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Leave it to Virgil Abloh to make reusable water bottles fashionable

Evian wants to become a fully circular company by 2025, and luxury water bottles–designed by Abloh, its new “creative director for sustainable design”–may be one way to get there.

Leave it to Virgil Abloh to make reusable water bottles fashionable

It’s New York Fashion Week. Virgil Abloh, the polymath designer, is making a splash. But it’s not for his work as a fashion designer at Louis Vuitton or his own label, Off-White. This week, Abloh unveiled his newest creation: a glass water bottle, made by sustainable water brand SOMA, with a silicone sleeve printed with the Evian logo and the words “Rainbow Inside” in the designer’s signature quotation marks. Abloh and Evian are framing this bottle as a limited-edition luxury design object: It will be sold through the fashion website Matches Fashion, although there is no word yet about how much it will cost.

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In December 2018, Abloh joined Evian as its first-ever creative advisor for sustainable design. Over the last few years, Abloh has proven that he can apply his design skills to almost any product. He’s created a clear suitcase for Rimowa and a rose bottle for Moët and Chandon. But his new bottle for Evian is only the first fruits of what will be an ongoing partnership between Abloh and the water brand. Evian, which is owned by Danone, announced in January 2018 that it plans to become a 100% circular brand by 2025. This means it will only use recycled plastic in its bottles and work with recycling companies to ensure that these bottles go on to be recycled again after they’re used. But this luxury bottle offers some clues about other ways Evian may move toward becoming more sustainable.

We’ve recently hit a tipping point in the anti-plastic movement. Plastic does not biodegrade, so it lives on forever, contributing to the already enormous quantity of plastic humans have created since the 1950s, when plastic was mass marketed. Up to 13 million tonnes of plastic end up in the oceans every year, and, by 2050, studies show there will be more plastic in the ocean, by weight, than fish. While activists have been sounding the alarm for decades about how our overconsumption of plastic is choking marine animals and filling up our landfills, it’s only recently that mainstream brands have joined the fight to cut plastic out of their supply chains.

Last year, Adidas has announced it would cut out all virgin plastic from its supply chain by 2024, while large corporations like Starbucks, Disneys, and Marriott said they would eliminate single-use straws, which are known to harm sea animals. A group of giant corporations like Unilever and Procter and Gamble are working with a startup called Loop to replace disposable plastic containers with refillable ones.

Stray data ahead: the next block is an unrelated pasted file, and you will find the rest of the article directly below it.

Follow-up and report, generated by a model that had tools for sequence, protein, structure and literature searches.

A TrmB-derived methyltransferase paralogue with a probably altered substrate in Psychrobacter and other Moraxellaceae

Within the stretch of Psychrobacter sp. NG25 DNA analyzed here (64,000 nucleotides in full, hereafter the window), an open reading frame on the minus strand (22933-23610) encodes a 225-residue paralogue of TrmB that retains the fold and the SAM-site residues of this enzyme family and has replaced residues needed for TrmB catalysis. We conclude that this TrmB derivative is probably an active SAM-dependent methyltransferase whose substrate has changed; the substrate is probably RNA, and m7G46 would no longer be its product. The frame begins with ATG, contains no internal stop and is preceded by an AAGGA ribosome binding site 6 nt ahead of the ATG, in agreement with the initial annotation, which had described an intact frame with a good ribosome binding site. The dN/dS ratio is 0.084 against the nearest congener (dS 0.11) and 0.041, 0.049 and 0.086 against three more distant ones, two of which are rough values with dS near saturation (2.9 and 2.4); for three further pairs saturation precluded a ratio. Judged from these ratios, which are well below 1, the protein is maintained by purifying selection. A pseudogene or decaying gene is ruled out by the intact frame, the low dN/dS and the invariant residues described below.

Disposable water bottles are a particularly egregious waste of plastic. By some counts, the world produces a million bottles of plastic a minute, only 9% of which will be recycled. And our pace of production has increased from 300 billion plastic bottles a year in 2004 to 475 billion in 2016. At this pace, we will generate 600 billion plastic bottles a year by 2021. The dozens of water brands on the market–including Evian, Dasani, Aquafina, Poland Spring, and Fiji–have helped to stimulate this enormous demand for disposable water bottles.

Water companies seeking to become more sustainable have some major challenges ahead. In many countries where these products are sold, including the United States and many parts of Europe, tap water is drinkable, so the entire business model of these brands is to make hydration more convenient by making the bottles disposable.

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From what we can tell from this collaboration, Evian is tinkering with another way forward. The company is trying to turn the reusable bottle into a coveted object, which could lead to a viable revenue stream in the future. Brands like Swell and BKR have sold beautifully designed reusable bottles for years now, and it’s possible that Evian will create similar products. But if consumers can put tap water in their refillable Evian bottle, will they no longer need Evian water?

It’s unclear how these water brands will survive in a world where single-use plastic–even the recycled kind–is seen as polluting and actively shunned by consumers. In his new sustainability role at Evian, Abloh will have a lot to think about.

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About the author

Elizabeth Segran, Ph.D., is a staff writer at Fast Company. She lives in Cambridge, Massachusetts

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